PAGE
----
Maggie has been a caregiver for both her husband and her son, both of whom had blood cancer. While her husband was diagnosed with non-Hodgkin’s lymphoma in 2014, her son was diagnosed with acute myeloid leukemia in 2019 and ended up needing a bone marrow transplant.
Maggie is Chinese, but was born and raised in the Philippines. When her son was sick and in the hospital, she stayed with him 24/7, often sleeping in his hospital room. At the time, she didn’t realize this wasn’t common, or may be cultural, but it’s what she remembers doing for her parents when they were sick. Food and faith were also a large part of her culture that affected her Maggie was able to walk to church and attend mass in order to have some spiritual nourishment. caregiving. Friends and family would bring comfortable, familiar food to Maggie and her son, which helped support them, and Many of the nurses who cared for Maggie’s son in the hospital were Filipino and understood exactly how Maggie was feeling as a mother. They would support her by urging her to get rest, giving her a place to store her food, and reassuring her. Connecting with those with a shared cultural background was very helpful to Maggie. She also found support in other caregivers in the hospital, or patients who had also been diagnosed with blood cancer and survived, although she never found a formal support group.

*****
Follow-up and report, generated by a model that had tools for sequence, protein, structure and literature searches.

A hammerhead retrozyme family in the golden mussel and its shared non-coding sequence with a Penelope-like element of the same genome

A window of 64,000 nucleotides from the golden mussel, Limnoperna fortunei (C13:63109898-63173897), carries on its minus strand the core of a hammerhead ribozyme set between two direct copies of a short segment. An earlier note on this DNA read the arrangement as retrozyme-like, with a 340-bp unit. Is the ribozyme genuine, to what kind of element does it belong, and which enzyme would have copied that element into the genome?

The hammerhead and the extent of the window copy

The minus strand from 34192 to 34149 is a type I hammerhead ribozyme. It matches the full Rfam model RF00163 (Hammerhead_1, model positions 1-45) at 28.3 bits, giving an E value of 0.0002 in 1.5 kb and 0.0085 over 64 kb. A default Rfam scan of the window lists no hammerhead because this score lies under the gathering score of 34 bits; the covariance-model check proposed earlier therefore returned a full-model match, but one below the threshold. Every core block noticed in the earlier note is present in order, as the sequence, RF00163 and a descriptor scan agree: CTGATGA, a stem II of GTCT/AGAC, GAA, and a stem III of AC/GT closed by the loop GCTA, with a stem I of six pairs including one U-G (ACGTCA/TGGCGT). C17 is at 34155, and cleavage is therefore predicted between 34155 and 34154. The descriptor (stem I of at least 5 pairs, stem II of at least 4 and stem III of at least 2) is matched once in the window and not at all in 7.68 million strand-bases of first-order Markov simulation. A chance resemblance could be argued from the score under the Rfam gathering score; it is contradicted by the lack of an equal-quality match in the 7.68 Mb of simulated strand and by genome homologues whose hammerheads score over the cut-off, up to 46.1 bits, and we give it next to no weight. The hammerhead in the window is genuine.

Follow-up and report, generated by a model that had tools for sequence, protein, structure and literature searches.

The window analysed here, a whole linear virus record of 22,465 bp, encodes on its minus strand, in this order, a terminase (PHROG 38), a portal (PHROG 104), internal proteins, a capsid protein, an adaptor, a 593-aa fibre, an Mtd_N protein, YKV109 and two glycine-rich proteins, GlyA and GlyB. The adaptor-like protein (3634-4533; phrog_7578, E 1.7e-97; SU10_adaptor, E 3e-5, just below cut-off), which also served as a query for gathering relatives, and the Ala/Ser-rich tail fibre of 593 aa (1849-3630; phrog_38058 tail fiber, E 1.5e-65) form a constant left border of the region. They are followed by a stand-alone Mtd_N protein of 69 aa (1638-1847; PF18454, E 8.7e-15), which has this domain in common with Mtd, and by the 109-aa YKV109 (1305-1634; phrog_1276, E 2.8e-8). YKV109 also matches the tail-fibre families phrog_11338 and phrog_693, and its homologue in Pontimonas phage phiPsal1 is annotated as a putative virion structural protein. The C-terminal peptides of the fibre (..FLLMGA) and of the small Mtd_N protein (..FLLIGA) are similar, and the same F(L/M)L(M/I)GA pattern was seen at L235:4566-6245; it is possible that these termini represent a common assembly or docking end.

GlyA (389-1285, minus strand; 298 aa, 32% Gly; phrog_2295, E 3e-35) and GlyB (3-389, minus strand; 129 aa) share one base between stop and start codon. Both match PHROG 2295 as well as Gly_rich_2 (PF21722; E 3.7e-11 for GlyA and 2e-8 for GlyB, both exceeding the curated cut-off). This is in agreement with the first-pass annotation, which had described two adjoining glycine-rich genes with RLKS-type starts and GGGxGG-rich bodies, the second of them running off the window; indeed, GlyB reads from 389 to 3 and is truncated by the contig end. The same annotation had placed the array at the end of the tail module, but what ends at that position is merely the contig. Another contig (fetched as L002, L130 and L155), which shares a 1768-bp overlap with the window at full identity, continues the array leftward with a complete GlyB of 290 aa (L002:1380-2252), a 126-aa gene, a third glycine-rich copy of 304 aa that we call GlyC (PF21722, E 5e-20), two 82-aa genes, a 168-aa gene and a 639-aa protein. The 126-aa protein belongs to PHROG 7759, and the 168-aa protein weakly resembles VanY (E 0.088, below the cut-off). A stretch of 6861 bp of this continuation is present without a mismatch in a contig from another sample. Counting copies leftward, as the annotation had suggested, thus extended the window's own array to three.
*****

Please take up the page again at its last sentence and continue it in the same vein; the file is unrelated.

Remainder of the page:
It wasn’t until her son was more stable that Maggie found a patient advocacy group through the internet. She reached out to them because she feels it’s important to help other caregivers going through what she went through. She has signed up for a peer-to-peer network and hopes she can lend support to other caregivers, which she feels is important to do and will help her own caregiving journey.
Maggie believes patient advocacy groups should connect with hospitals in some way to make caregivers more aware of them. To be culturally responsive, they should have translators available and make sure they are sensitive to the needs of working caregivers or caregivers with children. Above all else, she believes patient advocacy groups should be sensitive to the mental well-being of caregivers, and to do their best to help remove the stigma some cultures can feel about admitting that they need help.